grāv, v.t. to carve or cut on a hard substance: to engrave.—v.i. to engrave:—pa.p. graved or grāv′en.—n. a pit graved or dug out, esp. one in which to bury the dead: any place of burial: the abode of the dead: (fig.) death: destruction.—n.pl. Grave′-clothes, the clothes in which the dead are buried.—n. Grave′-dig′ger, one who digs graves.—adj. Grave′less (Shak.), without a grave, unburied.—ns. Grave′-mak′er (Shak.), a grave-digger; Grave′-stone, a stone laid over, or placed at the head of, a grave as a memorial; Grave′yard, a yard or enclosure used as a burial-ground.—With one foot in the grave, on the very borders of death. [A.S. grafan; Dut. graven, Ger. graben; Gr. graphein, to scratch, L. scribĕre, to write.]
grāv, v.t. to smear with graves or greaves, a mixture of tallow, rosin, &c. boiled together.—ns.pl. Graves, Greaves, tallow-drippings. [See Greaves.]
grāv, adj. of importance: serious: not gay or showy: sober: solemn; weighty: (mus.) not acute: low.—n. the grave accent, or its sign (`).—adv. Grave′ly.—n. Grave′ness. [Fr.,—L. gravis.]
grāv, n. a count, prefect, a person holding office, as in landgrave, margrave, burgrave, &c. [Dut. graaf, Ger. graf.]
British National Corpus
Rank popularity for the word 'grave' in Nouns Frequency: #1944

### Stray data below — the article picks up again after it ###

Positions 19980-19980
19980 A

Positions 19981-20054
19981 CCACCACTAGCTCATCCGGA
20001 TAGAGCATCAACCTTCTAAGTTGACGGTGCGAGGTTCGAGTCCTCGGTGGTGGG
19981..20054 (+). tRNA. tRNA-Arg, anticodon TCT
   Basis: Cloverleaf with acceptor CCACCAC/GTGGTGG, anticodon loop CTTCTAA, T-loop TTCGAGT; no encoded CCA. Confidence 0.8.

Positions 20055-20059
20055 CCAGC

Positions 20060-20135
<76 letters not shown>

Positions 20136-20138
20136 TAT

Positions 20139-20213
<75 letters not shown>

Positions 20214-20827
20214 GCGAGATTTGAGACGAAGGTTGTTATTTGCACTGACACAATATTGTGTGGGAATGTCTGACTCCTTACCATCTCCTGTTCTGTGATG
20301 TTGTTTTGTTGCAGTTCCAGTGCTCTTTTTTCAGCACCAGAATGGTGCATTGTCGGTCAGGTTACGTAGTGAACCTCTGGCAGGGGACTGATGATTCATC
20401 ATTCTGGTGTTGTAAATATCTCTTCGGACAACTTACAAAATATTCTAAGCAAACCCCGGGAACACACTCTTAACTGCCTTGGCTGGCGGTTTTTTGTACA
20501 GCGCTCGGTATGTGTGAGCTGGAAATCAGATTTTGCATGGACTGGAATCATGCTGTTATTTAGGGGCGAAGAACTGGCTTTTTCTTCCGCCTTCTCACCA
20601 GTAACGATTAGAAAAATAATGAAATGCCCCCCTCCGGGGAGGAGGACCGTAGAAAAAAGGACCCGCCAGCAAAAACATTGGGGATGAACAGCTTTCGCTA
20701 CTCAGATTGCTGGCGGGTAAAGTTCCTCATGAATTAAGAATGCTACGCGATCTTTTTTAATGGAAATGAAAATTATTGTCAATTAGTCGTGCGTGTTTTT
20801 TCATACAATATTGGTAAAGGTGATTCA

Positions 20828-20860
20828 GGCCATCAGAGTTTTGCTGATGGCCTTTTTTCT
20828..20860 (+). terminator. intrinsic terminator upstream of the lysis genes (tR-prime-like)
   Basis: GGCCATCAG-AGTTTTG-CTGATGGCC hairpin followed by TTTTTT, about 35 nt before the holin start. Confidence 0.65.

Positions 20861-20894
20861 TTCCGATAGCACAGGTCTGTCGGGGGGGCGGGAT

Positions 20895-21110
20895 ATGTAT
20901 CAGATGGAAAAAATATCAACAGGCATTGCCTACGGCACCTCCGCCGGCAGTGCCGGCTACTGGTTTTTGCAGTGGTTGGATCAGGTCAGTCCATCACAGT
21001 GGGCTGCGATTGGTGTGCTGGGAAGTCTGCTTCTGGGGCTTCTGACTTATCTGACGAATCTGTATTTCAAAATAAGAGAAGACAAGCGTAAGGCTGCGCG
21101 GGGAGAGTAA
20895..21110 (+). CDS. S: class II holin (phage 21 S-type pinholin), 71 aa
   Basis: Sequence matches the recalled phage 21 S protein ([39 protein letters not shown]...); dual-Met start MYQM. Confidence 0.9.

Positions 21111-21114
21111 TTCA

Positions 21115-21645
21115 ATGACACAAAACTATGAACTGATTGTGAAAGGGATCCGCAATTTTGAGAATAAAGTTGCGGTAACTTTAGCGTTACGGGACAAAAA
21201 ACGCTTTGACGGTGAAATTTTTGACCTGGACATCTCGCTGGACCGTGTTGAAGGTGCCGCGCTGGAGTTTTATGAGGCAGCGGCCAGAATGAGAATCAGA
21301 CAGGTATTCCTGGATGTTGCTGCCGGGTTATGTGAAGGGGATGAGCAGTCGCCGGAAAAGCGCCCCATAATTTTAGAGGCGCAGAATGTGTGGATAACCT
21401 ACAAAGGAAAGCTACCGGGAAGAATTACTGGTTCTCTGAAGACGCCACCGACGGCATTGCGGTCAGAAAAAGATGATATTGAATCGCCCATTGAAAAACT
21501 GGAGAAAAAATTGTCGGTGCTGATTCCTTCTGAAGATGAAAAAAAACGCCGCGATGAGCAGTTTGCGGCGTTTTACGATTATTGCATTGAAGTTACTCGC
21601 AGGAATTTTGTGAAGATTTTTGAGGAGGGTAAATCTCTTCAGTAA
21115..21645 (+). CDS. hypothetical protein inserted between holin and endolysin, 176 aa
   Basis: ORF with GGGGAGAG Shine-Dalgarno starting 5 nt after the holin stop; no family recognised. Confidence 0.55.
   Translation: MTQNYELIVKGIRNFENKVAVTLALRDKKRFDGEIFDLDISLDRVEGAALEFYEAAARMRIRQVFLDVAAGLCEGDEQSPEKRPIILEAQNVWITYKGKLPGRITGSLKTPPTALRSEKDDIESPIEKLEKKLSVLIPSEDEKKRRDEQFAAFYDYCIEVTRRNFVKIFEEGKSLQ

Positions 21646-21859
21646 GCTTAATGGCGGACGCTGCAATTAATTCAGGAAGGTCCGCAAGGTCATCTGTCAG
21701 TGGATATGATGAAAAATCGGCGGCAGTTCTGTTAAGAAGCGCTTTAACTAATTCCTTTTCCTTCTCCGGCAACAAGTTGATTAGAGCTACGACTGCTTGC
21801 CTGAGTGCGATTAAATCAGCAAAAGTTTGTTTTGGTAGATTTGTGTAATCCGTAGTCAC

The numerical value of grave in Chaldean Numerology is: 8
The numerical value of grave in Pythagorean Numerology is: 8
Sample Sentences & Example Usage
There's no jealousy in the grave.
We are getting into semantics again. If we use words, there is a very grave danger they will be misinterpreted.
Through us Tamir will be heard from the grave, through peaceful protest, civil disobedience and legislation Tamir will be heard.
I've got grave concerns that ... the plan he's put in place is not going to accomplish the goal of defeating and destroying ISIL.
You must not think me necessarily foolish because I am facetious, nor will I consider you necessarily wise because you are grave.
Images & Illustrations of grave
Translations for grave
From our Multilingual Translation Dictionary
- ضريح, قبرArabic
- qəbir, məzarAzerbaijani
- seriós, greu, sepulcreCatalan, Valencian
- hrob, závažný, vážnýCzech
- grav, begravelseDanish
- Grab, dumpf, gemessen, furchtgebietend, dunkel, gravitätisch, gewichtig, respektgebietendGerman
- βαρύς, τάφος, βαρείαGreek
- apremiante, bajo, grabar, esculpir, sombrío, grave, fosa, tumba, tallar, solemne, serio, reservado, seco, sepulturaSpanish
- گور, قبرPersian
- vakava, hauta, matalaFinnish
- grave, tombe, tailler, graver, sculpterFrench
- grêfWestern Frisian
- uaighScottish Gaelic
- क़ब्र, गंभीरHindi
- tomba, fossaItalian
- საფლავი, სამარეGeorgian
- мазар, қабырKazakh
- merzel, tirb, mezar, ziyaret, gorr, qebir, قهبر, گۆڕKurdish
- көр, мүрдө, мүрзө, бейитKyrgyz
- GrafLuxembourgish, Letzeburgesch
- ຂຸມເຮ່ວ, ຊຸມຜີ, ຂຸມຝັງສົບLao
- pusara, kuburMalay
- gravNorwegian Nynorsk
- ингӕнOssetian, Ossetic
- poważny, grób, mogiłaPolish
- выреза́ть, гравирова́ть, серьёзный, моги́ла, гра́вис, [[производи́ть]] [[впечатле́ние]], [[произвести́]] [[впечатле́ние]], тяжёлый, ни́зкий, гробRussian
- гро̏б, grȍbSerbo-Croatian
- қабр, гӯрTajik
- หลุมฝังศพ, หลุมศพThai
- gör, mazarTurkmen
- qabr, goʻr, quburUzbek
- mả, mộ, dấu huyềnVietnamese